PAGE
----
I had the occasional nitpick as well.

1) The viewer is asked to identify with Bedelia. For some reason this character has never worked for me. It certainly isn't Anderson's fault. She's fantastic. Maybe the problem is me.

2) I actually do really like Mikkelsen. But his stoical approach to the character is nowhere near as satisfying as Anthony Hopkins' iconic, nuanced, expressive, darkly charming take on the character.

3) We live in an age of Google image search. Does no one in Florence notice that "Dr. Fell" looks nothing like an online photograph?

4) After the climax of Season 2, shouldn't Hannibal be easily recognized as the world's most infamous fugitive and alleged serial killer? Is his image nowhere on CNN.com?

5) What about facial recognition? If a photo of Faux Fell is ever uploaded, might Interpol or the FBI locate him at once?

6) Seeing Dana Scully (sorry — BEDELIA) sexually harassed at the dinner table just makes me angry. Fox Mulder needs to appear and kick some ass. Actually … scratch that. Send John Dogget.

7) I don't like seeing Hannibal appear with even a putative "spouse." He's a lone wolf, to me, anyway.

8) The dialogue, yet again, is occasionally too overly stylized for me. Even genius people communicate prosaically in their everyday lives. Do these people sound like Shakespeare when they say "Pass the salt," or ask what time to set the alarm clock for the next day?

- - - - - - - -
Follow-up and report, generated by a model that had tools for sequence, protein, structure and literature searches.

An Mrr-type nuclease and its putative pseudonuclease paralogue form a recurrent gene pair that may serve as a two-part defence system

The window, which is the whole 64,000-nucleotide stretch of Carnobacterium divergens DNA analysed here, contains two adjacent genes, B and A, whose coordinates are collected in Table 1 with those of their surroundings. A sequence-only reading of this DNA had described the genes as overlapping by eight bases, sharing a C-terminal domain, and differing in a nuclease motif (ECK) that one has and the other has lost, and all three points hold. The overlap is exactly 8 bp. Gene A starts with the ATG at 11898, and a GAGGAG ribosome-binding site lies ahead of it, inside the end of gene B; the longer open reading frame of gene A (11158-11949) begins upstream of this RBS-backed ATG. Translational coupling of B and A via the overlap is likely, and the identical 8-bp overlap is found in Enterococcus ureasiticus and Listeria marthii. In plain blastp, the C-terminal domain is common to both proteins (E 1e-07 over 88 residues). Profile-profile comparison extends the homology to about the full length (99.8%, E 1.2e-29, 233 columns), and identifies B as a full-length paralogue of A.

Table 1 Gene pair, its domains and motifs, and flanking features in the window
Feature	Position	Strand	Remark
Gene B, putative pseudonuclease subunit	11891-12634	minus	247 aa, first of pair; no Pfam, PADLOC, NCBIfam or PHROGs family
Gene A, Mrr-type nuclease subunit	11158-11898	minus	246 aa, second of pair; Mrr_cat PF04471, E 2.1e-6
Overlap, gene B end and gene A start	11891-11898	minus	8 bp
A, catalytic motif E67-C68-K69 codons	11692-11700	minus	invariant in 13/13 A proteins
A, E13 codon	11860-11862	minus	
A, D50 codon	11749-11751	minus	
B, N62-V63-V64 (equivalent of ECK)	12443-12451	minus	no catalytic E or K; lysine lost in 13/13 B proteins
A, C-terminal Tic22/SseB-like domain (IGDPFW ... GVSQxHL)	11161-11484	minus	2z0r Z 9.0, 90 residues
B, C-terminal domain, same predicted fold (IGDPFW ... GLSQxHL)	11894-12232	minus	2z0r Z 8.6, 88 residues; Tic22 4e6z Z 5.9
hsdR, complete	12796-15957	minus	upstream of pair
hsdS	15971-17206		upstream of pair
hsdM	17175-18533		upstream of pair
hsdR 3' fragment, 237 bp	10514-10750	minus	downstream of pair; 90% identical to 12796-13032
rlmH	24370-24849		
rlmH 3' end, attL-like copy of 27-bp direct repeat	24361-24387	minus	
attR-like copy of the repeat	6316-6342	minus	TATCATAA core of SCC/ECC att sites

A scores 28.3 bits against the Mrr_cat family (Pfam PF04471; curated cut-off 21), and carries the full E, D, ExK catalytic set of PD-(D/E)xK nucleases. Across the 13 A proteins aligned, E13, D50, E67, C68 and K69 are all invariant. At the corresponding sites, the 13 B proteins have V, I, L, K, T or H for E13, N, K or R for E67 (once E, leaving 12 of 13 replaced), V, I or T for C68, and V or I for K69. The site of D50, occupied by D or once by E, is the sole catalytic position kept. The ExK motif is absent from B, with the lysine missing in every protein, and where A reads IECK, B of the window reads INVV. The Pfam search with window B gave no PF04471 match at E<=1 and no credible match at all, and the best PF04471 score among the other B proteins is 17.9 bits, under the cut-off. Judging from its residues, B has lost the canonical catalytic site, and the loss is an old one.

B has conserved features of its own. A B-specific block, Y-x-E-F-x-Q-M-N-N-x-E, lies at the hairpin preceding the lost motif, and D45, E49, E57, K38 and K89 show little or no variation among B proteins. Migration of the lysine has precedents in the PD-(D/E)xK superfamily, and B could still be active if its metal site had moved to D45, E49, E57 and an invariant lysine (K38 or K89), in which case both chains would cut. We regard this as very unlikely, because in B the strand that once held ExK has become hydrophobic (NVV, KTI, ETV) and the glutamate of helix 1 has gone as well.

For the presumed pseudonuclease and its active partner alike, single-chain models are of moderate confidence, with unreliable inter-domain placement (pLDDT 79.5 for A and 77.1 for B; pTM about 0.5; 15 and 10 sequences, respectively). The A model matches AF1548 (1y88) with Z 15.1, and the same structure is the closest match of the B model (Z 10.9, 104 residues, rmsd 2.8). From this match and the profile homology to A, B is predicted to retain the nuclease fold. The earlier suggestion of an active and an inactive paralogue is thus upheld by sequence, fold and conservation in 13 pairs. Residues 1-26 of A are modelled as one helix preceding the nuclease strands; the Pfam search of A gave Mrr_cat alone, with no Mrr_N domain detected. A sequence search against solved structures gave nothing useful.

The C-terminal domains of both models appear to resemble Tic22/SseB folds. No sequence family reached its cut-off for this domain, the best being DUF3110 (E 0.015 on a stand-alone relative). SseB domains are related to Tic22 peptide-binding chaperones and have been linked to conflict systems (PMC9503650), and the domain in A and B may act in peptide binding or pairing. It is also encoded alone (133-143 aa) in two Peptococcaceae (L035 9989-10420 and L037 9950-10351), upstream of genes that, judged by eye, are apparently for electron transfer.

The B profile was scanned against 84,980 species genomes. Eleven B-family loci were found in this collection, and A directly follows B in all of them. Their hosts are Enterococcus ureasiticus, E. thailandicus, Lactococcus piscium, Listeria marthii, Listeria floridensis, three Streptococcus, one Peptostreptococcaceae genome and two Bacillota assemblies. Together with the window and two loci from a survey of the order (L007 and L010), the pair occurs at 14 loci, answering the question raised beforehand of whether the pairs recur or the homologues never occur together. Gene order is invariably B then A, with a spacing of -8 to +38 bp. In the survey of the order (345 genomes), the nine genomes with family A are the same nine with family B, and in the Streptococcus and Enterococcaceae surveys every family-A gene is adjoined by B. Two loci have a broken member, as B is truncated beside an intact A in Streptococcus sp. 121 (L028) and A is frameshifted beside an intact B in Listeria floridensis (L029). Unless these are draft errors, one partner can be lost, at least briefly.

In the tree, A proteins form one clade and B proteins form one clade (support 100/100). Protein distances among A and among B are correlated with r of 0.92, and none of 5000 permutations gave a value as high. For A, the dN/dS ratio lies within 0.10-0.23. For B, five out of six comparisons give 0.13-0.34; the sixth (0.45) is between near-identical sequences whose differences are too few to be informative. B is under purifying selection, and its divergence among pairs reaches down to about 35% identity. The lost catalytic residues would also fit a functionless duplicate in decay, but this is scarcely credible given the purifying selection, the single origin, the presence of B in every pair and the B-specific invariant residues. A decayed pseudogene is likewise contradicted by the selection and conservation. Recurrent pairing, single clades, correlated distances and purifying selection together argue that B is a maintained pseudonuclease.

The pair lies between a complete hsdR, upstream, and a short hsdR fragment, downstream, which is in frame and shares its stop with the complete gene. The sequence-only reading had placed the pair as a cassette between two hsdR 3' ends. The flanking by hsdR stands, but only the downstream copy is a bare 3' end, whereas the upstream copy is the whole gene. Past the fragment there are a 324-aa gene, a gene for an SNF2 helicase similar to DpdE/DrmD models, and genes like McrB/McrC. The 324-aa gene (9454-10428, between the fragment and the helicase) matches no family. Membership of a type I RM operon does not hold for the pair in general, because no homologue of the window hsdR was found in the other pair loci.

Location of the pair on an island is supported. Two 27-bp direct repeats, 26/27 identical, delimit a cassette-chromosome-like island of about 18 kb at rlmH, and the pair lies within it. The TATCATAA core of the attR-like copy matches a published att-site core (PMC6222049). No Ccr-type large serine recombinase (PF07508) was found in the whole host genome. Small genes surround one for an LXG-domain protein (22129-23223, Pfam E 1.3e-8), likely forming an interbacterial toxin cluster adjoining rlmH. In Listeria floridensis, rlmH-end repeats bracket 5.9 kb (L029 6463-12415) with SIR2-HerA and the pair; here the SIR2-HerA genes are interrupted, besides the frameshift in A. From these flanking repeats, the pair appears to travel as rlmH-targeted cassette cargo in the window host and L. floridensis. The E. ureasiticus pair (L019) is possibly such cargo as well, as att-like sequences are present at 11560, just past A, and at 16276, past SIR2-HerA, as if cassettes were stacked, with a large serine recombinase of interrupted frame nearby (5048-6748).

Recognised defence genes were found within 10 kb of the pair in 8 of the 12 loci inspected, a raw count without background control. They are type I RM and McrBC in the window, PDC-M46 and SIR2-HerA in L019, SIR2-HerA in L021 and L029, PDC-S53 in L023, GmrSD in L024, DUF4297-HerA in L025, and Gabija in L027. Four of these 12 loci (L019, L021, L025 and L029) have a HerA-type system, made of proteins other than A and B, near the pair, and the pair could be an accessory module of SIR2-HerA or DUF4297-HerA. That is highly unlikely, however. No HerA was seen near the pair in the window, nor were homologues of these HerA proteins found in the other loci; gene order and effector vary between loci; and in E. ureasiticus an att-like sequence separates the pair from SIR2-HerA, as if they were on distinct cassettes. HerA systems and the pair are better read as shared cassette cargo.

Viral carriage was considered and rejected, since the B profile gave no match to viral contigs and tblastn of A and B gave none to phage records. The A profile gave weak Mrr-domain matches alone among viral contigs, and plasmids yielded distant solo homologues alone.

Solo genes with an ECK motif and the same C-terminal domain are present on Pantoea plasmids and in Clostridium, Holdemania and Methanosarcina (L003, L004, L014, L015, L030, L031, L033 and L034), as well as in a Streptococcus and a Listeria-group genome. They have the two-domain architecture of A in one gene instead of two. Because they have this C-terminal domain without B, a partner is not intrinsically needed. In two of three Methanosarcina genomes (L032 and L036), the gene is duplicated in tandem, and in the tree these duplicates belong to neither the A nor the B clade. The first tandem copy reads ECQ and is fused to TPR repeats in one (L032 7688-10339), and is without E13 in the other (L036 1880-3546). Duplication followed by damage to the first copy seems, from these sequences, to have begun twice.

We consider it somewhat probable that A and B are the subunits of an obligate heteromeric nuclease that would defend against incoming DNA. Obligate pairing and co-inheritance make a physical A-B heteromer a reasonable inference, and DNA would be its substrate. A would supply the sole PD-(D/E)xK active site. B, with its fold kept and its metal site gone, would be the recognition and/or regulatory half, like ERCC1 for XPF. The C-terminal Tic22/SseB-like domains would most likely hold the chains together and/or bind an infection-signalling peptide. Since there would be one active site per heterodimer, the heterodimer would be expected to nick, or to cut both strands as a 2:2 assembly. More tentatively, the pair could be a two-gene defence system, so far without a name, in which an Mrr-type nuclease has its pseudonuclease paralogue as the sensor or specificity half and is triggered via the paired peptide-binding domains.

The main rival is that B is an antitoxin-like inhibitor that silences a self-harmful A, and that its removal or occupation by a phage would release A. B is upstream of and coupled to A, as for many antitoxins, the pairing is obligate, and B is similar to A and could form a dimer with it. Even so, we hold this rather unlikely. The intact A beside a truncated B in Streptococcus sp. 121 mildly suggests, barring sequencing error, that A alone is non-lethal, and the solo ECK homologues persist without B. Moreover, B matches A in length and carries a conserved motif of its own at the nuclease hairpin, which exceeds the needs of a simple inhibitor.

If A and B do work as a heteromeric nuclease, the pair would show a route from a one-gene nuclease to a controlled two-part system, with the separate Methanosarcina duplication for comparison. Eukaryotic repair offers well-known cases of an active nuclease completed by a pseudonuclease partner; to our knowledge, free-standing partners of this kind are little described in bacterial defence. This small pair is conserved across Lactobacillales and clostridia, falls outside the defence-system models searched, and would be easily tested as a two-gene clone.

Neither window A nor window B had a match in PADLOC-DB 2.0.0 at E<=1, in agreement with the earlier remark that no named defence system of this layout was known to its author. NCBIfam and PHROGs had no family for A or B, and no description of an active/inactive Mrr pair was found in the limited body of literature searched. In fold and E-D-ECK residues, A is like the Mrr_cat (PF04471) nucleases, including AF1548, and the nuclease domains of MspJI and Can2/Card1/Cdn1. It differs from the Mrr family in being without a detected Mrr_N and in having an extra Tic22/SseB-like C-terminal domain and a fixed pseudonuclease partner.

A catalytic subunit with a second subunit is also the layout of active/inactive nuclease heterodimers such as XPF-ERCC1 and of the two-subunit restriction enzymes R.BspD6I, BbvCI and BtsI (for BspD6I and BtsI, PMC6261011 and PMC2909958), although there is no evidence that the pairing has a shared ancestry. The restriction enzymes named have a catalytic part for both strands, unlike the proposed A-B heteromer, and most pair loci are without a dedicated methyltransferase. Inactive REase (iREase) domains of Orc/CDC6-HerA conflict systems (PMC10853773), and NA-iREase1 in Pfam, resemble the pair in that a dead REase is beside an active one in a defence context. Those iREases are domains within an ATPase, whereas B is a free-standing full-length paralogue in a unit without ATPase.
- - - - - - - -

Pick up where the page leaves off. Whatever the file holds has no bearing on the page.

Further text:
9) Once or twice, the dialogue is just … bad. Bedelia: "Your peace is without morality." Hannibal: "There is no morality — only morale." (You can't call it Shakespeare if it's trying too hard.)

10) The symbolism and the references to the feature films are maybe a little too heavy-handed. I'm talking the hand-on-the-shoulder during the lecture, and seeing one character bashed over the head with a bust of Aristotle. ("When Academics Attack.")

Don't let my compulsive griping get to you if you are a fan of the show, however. This wasn't a bad episode, just not the best. And the second episode of Season 3 is goddam PHENOMENAL.


10 of 13 people found this review helpful.  Was this review helpful to you?